First of all, don’t fall prey to the jeans-and-leggings stereotype — or to any stars-’n’-stripes hogwash. It’s as hard to generalize about style across the United States as it is to generalize about style across Europe. New England is different from the South is different from Texas, which is different from California. (Even Northern and Southern California are different from each other.)

All of which is to say, it’s hard to define what qualifies as an “American look” these days. National style stereotypes of all kinds are fast going the way of the dodo. That is, frankly, a good thing.

Even when such grand declarations were more in vogue — when “American style” was synonymous with sportswear of all kinds, for example — it was more of a fake construct than a real one. (For every Bonnie Cashin or Levi’s fan, there was a Babe Paley.)

Still, because it is often hard to see your own forest when you are in the trees, I thought I would ask some fashion week colleagues who hail from other countries if they thought there was an “American” signature, or giveaway. I was surprised at what came back.

Almost universally, they said they could tell an American not by what they wore but by how they wore it. Chioma Nnadi, the new head of editorial content for British Vogue, grew up in London and spent years in New York before moving back to Britain. She said that for her it was a high-low combination of relaxed and polished that stood out.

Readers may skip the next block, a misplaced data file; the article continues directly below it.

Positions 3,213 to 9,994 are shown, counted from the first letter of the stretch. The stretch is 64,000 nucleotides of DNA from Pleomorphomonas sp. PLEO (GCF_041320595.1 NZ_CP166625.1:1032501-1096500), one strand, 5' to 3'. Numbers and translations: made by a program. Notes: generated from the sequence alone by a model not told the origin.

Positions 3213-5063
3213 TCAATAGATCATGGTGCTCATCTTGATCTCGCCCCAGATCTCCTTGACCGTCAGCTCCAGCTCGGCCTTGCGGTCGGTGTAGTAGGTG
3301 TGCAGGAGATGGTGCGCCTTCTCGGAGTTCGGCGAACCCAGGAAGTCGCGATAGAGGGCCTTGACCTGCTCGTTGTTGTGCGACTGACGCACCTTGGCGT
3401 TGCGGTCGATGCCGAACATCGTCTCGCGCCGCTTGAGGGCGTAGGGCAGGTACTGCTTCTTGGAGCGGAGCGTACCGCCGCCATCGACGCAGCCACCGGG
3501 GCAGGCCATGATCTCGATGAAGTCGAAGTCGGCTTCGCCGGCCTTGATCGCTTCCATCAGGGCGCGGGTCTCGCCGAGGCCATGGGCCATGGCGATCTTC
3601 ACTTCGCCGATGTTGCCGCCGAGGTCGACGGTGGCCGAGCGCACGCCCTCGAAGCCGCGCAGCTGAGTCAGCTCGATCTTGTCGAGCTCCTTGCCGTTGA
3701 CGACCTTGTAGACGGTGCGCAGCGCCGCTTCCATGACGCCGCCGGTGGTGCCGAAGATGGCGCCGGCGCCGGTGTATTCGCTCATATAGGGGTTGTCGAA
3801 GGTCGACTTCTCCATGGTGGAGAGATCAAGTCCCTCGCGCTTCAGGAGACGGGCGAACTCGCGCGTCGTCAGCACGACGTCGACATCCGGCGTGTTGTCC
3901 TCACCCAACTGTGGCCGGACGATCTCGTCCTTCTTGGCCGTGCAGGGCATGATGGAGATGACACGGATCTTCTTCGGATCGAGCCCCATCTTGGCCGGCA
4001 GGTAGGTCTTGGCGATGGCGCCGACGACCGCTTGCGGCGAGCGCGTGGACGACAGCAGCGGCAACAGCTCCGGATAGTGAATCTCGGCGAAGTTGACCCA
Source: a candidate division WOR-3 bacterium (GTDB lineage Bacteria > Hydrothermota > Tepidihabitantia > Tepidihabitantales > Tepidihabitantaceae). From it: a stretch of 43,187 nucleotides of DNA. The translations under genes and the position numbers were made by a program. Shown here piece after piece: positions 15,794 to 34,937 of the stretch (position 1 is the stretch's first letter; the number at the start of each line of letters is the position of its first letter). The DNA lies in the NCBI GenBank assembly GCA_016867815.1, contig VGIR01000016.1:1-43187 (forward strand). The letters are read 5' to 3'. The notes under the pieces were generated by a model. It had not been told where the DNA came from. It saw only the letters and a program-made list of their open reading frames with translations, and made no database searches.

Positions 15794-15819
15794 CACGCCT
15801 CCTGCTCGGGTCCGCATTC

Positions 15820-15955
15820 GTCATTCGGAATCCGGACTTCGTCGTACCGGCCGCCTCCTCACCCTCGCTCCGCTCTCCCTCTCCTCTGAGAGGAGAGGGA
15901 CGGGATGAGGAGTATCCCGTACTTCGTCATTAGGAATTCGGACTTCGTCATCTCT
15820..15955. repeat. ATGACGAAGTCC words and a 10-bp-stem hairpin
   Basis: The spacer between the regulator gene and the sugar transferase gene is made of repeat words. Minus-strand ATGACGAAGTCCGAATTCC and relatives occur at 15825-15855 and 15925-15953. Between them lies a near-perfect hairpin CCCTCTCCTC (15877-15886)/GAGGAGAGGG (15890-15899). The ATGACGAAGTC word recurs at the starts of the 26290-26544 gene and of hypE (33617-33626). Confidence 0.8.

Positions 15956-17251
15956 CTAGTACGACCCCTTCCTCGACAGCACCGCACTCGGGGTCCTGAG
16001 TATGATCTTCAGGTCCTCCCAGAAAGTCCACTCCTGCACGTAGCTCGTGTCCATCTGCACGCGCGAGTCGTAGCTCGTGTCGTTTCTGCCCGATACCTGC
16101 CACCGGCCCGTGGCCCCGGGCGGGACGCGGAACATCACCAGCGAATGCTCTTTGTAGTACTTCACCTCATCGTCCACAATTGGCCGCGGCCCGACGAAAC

“Ayo Edebiri at the post-BAFTA party, for example,” she said, noting the actress’s white button-up shirt, Bottega Veneta “jeans” (they were actually leather made to look like denim) and giant Tiffany aquamarine necklace. “She still looked major, but she also looked cool,” Ms. Nnadi said.

Bryan Yambao, the editor of Perfect magazine, was born in the Philippines and lives in Sweden and became famous as a blogger under the name BryanBoy. He also said that he thought “polish” was the hallmark of an American look and that it had more to do with hair, skin and nails than any specific items of dress. Americans, he said, are not afraid to look as if they are trying in the morning. (He thought that was an admirable trait.) As if they care what they put on and how they put it together.

That’s about attitude more than anything else: a willingness to engage actively with the process of dress, take responsibility for it and not to dissemble. All of which suggests that the sheer fact you are asking this question and thinking about how you will be perceived means you are already on the right track.

Every week on Open Thread, Vanessa will answer a reader’s fashion-related question, which you can send to her anytime via email or Twitter. Questions are edited and condensed.